Friday, March 18, 2011

Britain, France, two Arab nations ready to enforce Libya no-fly zone

By Jonathan S. Landay and Warren P. Strobel | McClatchy Newspapers

WASHINGTON — Britain and France with backing from the United States and at least two Arab nations, are prepared to launch airstrikes against Moammar Gadhafi’s forces to protect civilians in rebel-held areas if the U.N. Security Council authorizes the operation, European and U.S. officials said.

The actions would be undertaken in conjunction with a no fly zone – which will have the effect of grounding Gadhafi’s air force, the officials said.

The United States would also take part, but the extent of American participation was still being decided by President Barack Obama and his top advisers, according to a U.S. official who asked not to be further identified in order to talk about the issue.
“This is an ongoing discussion,” he said.

The operation would be launched under a resolution that the U.N. Security Council was expected to vote on sometime early on Thursday evening, said the U.S. official and a European diplomat. Neither could be named because of the sensitivity of the subject.
The European diplomat said he was “confident that we will have an adoption” of the resolution and “we think it is time for everyone to act on their responsibilities.” But it was not certain whether Russia, which has expressed serious reservations about outside intervention, would use its veto -- or abstain in the vote.

The resolution would expand international sanctions against the Gadhafi regime and authorize the imposition of a no-fly zone over Libya to prevent the regime from using its aircraft against the rebels, who have been driven back in recent days toward the eastern city of Benghazi by Gadhafi’s forces, they said.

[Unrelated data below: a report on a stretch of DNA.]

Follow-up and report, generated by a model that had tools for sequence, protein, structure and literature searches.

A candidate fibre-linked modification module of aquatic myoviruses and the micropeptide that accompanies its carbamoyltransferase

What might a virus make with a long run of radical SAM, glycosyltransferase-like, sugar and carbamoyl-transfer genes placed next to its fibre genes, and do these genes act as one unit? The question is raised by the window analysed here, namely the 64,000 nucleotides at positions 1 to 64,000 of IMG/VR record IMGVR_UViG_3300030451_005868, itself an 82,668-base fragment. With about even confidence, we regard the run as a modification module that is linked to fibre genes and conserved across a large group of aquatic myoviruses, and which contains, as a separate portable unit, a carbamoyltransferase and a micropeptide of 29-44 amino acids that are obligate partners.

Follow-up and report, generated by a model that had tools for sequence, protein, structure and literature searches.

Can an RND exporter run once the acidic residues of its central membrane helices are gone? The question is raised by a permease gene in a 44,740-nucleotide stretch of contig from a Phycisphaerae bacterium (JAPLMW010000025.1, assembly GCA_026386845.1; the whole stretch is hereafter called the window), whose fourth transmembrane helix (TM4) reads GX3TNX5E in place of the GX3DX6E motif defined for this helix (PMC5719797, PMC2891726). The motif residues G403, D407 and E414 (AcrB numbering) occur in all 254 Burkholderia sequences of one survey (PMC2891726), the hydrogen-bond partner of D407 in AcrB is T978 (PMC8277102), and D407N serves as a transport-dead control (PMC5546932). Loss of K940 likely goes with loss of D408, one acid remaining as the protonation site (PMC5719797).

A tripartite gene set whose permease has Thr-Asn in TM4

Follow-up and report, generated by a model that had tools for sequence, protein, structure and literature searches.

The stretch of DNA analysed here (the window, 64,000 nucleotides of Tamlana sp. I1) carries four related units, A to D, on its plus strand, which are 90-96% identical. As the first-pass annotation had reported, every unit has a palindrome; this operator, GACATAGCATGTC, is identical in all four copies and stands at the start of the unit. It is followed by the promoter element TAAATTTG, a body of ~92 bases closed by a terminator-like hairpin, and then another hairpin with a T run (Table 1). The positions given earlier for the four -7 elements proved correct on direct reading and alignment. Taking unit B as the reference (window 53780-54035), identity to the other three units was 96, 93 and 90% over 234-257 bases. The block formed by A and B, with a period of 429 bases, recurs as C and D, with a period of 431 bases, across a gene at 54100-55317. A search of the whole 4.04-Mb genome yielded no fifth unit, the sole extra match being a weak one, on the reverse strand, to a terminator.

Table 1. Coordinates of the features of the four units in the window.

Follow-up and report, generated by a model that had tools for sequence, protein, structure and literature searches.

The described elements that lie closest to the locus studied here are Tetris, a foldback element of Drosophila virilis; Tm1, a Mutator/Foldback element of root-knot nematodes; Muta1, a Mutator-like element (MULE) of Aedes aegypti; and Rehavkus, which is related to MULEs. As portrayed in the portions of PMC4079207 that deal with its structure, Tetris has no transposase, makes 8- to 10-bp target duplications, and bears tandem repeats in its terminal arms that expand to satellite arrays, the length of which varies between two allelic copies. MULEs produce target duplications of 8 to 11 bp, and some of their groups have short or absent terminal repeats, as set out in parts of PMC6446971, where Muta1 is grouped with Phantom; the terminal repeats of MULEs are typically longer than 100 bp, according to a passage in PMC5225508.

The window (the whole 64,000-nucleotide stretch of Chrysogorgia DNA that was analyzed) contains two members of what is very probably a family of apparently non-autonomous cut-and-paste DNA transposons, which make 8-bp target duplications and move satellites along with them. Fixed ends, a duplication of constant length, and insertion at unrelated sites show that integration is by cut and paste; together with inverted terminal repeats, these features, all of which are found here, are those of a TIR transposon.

“We are in a race for time,” said the European diplomat, who asked not to be further identified because of sensitivity of the issue.

The resolution also would authorize the nations that enforce the no-fly zone to use “all necessary means to protect civilians short of military occupation,” he said.
That phrase would allow the nations enforcing the zone to launch airstrikes to prevent Gadhafi’s forces from overrunning Benghazi, home to about 1 million people, and other eastern cities and towns where the revolt against the Arab world’s longest ruling dictator erupted in mid-February.

The bar on a foreign military occupation of Libya was included in the resolution in a bid to assuage Russia and China, which have serious reservations about outside intervention and could use their vetoes as permanent members of the Security Council to block the resolution.

France and Britain are prepared to begin enforcing the no-fly zone fairly quickly should the measure be approved, and at least two Arab nations have agreed to participate, the European diplomat and the U.S. official said.

They declined to identify the two Arab countries. One was believed to be the United Arab Emirates, the federation of pro-West oil-producing sheikhdoms in the Persian Gulf.
Egypt, the Arab world’s most populous country and Libya’s neighbor to the east, is not expected to participate in military action or even help enforce a no-fly zone. It has hundreds of thousands of citizens in Libya who might face retaliation from the Gadhafi regime, and is dealing with political ferment of its own following the ouster last month of longtime president Hosni Mubarak.

U.S. officials have not publicly specified what military action the United States would participate in.

But Secretary of State Hillary Clinton, who was traveling in Tunisia, said Thursday that the options under consideration include the use of unmanned drones, bombing Libyan air defense to protect plans enforcing a no-fly zones, and arming Libyan rebels, Bloomberg News reported from Tunis.

The Obama administration’s policy toward Libya shifted sharply this week, after the 22-member Arab League endorsed a no-fly zone over Libya, providing the political cover the White House was looking for.

Where the administration was once publicly skeptical about a no-fly zone, it is now saying that steps beyond that must be considered.

“The U.S. view is that we need to be prepared to contemplate steps that include, but perhaps go beyond, a no-fly zone at this point, as the situation on the ground has evolved, and as a no-fly zone has inherent limitations in terms of protection of civilians at immediate risk,” U.S. ambassador to the United Nations Susan Rice said late Wednesday.

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